Hives also known as urticaria, is a common skin condition that affects up to 20% person of all the people at least once in their life. While many hives eruptions go away on their own some are persistent and severe in nature.
How can you identify hives?
While they resemble bug bites, hives (also known as urticaria) are different in several ways:
- Hives can appear on any area of the body; they may change shape, move around, disappear and reappear over short periods of time.
- The bumps – red or skin-colored “wheals” with clear edges – usually appear suddenly and go away just as quickly.
- Pressing the center of a red hive makes it turn white – a process called “blanching.”
There are two types of hives – short-lived (acute) and long-term (chronic). Neither is typically life-threatening, though any swelling in the throat or any other symptom that restricts breathing requires immediate emergency care.
Researchers have identified many – but not all – of the factors that can cause hives. Here are a few of the most common causes:
- Some food (especially peanuts, eggs, nuts and shellfish)
- Medications, such as antibiotics (especially penicillin and sulfa), aspirin and ibuprofen
- Insect stings or bites
- Physical stimuli such as pressure, cold, heat, exercise or sun exposure
- Blood transfusions
- Bacterial infections, including urinary tract infections and strep throat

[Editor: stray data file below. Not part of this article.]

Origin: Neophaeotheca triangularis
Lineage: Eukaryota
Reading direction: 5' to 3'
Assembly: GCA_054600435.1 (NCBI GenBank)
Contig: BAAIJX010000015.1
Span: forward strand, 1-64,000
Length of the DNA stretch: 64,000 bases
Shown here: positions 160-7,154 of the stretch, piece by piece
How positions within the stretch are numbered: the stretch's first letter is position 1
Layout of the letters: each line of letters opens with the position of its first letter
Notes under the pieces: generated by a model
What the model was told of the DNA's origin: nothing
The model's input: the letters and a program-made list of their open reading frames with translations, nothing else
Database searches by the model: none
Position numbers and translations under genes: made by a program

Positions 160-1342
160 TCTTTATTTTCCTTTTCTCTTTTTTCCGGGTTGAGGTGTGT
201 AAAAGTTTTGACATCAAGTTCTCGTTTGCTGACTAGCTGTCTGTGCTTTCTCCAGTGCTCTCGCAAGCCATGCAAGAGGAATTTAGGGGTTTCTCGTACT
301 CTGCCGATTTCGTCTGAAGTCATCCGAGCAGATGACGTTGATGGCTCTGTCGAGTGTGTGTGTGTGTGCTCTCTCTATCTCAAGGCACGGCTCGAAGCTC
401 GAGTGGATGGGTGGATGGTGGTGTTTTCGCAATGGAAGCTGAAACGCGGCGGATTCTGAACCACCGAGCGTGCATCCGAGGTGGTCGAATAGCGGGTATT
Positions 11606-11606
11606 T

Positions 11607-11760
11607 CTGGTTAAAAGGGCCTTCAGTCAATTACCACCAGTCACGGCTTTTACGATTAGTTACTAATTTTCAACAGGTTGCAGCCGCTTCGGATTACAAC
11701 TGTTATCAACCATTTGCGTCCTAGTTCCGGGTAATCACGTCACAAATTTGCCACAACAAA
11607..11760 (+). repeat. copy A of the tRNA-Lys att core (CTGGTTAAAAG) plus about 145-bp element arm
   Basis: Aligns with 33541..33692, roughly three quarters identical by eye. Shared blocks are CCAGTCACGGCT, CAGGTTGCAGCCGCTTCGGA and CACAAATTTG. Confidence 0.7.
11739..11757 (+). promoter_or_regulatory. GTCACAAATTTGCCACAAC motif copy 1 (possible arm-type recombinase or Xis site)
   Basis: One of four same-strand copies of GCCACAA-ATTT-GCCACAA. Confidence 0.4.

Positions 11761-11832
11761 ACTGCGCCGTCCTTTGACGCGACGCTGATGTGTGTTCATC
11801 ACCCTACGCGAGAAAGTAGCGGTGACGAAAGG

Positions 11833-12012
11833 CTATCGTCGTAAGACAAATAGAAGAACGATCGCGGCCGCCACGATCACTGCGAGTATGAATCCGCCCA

- Viral infections, including the common cold, infectious mononucleosis and hepatitis
- Some plants, such as poison oak and poison ivy
- Foods: Don’t eat foods that have been identified to cause your symptoms.
- Rubbing or scratching: Avoid harsh soaps. Frequent baths may reduce itching and scratching – beneficial because itching and scratching can make the hives feel worse.
- Constant pressure: Avoid tight clothing. Pressure hives can be relieved by wearing loose-fitting clothes.
- Temperature: If you develop hives when exposed to cold, do not swim alone in cold water and always carry an epinephrine auto-injector. Avoid exposure to cold air and use a scarf around your nose and mouth in cold weather. If you must be out in the cold, wear warm clothing.
- Sun exposure: Wear protective clothing; apply sunblock.
- Medications: Notify your physician or pharmacist immediately if you suspect that a specific medication is causing your hives.